Tibor R. Machan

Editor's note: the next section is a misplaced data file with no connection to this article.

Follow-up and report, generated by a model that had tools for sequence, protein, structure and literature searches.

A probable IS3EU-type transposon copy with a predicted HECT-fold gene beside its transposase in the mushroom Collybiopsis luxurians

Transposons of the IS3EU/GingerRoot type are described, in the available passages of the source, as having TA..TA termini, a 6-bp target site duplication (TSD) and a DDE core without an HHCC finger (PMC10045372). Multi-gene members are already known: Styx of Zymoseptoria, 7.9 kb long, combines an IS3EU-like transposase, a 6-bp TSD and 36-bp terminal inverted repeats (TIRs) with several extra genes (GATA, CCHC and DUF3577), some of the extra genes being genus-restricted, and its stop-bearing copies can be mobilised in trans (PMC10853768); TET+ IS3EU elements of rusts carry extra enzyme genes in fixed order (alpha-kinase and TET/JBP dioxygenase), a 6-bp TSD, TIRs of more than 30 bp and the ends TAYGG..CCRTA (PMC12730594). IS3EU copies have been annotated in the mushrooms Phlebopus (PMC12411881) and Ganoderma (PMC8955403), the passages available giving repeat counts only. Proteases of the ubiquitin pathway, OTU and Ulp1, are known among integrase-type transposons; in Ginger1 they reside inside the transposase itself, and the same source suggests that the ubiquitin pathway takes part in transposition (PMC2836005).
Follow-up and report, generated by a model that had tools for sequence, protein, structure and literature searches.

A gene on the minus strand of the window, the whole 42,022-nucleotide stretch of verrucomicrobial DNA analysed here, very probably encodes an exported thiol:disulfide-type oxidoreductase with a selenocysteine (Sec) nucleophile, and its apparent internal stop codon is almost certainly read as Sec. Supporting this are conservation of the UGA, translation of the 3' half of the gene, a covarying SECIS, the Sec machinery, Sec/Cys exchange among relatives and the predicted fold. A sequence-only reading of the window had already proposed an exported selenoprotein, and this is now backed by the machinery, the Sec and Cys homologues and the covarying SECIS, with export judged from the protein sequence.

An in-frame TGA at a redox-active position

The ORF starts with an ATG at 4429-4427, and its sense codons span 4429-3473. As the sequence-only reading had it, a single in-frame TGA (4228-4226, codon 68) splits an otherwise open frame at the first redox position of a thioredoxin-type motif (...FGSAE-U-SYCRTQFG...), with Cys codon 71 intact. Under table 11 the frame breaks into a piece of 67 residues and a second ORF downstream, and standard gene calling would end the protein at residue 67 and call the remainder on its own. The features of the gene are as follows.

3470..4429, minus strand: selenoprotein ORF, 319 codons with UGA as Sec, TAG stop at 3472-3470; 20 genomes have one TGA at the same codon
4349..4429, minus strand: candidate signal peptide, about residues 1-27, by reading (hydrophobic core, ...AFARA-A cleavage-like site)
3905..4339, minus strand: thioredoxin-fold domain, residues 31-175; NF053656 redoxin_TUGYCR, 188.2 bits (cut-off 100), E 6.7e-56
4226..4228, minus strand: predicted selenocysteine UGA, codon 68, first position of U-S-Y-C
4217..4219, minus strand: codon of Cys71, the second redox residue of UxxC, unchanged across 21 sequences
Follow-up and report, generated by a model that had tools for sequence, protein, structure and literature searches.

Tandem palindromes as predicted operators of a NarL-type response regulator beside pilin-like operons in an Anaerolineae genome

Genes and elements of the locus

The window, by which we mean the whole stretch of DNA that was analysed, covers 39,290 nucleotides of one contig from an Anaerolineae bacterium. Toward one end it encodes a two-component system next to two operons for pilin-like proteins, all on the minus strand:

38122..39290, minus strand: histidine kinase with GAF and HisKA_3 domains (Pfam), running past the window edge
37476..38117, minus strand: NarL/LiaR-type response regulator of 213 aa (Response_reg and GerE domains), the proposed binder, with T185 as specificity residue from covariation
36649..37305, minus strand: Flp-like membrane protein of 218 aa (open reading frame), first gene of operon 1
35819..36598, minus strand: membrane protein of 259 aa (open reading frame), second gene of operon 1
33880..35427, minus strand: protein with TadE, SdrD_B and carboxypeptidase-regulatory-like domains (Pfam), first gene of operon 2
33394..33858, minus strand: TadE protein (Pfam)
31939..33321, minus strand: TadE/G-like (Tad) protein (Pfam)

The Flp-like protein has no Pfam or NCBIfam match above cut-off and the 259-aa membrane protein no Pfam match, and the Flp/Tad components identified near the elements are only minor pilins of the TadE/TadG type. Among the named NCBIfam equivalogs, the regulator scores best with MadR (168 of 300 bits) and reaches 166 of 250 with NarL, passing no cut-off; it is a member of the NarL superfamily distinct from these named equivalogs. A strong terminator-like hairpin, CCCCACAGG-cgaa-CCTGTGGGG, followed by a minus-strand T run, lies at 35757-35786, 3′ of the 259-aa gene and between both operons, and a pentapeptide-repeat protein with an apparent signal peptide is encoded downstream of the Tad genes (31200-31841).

There is an application of the tragedy of the commons little discussed butworth knowing about. Public wealth, actual or borrowed, is subject tobeing raided by everyone who can manage to do so since nearly everyonebelieves the public weal is available to any member of the public who canget his or her hands on it. That's what explains the proliferation oflobbyist through the political landscape. Send in the experts who canbring home the bacon to you and yours! As one sensible commentator put iton a recent The News Hour with Jim Lehrer, the demonization of lobbyistsis wrongheaded. And he was a supporter of Barack Obama!When I was smuggled out of Hungary back in October of 1953, four adultswere part of the group making its way out of the country to Austria (andthen who knows were in the West). I came penniless but the four adults hadthousands of Hungarian forints with them, having raided the Hungariannational motion picture assocation's treasury for which they were working.Of course, they thought they were doing nothing at all wrong--the moneybelonged to all the people of Hungary and they were some of those people,so what could be wrong with taking a goodly portion of it? The tragedy of the commons is clearly evident here--people think that whatis commonly owned is theirs as much as anyone else's and by now very fewpeople believe that governments have any moral authority to decided whogets what. After all, why should those people, perfectly like us (unlikethey were thought to be in feudal days), be the ones to make suchimportant decisions?The more American society becomes a collective community, the more thepeople will start thinking of the funds in the public treasury asbelonging to whoever can get it dip into first. Why not? The people aresaid to own all the wealth, no? That is what famous political theoristsare telling us now, namely that private ownership is a myth! So publicownership is the alternative and being a member of the public entitleseveryone to grab some of the booty. The point many thinkers, starting with Aristotle, saw in a system ofprivate property rights was exactly to ration wealth according to areasonable, ethical first come, first serve basis. Find it or make it orget it as a gift from willing others, then go ahead and keep it, use it,sell it, bequeath it, whatever. It's yours. And this applies to everyoneand the government is supposed to secure your right to your property andall your other rights. But no, dreamers of a collective utopia want to destroy this system, laidout originally by John Locke and later by jurists and political economistwho refined it, and regiment us all as some kind of army of servants tothe whole, to "the people." That means, of course, that some of us willhave to rule the process of using the common weal and here is where allthe trouble starts--who will be the rulers and why they, not you or I? Whowill redistribute the wealth for various valuable purposes and who willestablish what is valuable?With the private property system, with its often chided but actually quiteharmless inequality of riches, there is a simple answer: you own it andyou decide what is going to be done with it. Others do not get to steal,rob, burglarize, trespass, intrude or otherwise violate your privateproperty and other rights, and you don't get to violate theirs. Andgovernment is simply there to make sure anyone who breaches this ruledoesn't get away with it.It is this system, which is of course quite complex and nuanced but can besimply stated as above, is a moral and practical invention and now a greatmany utopians want to ruin it. I hope they do not get away with that plan!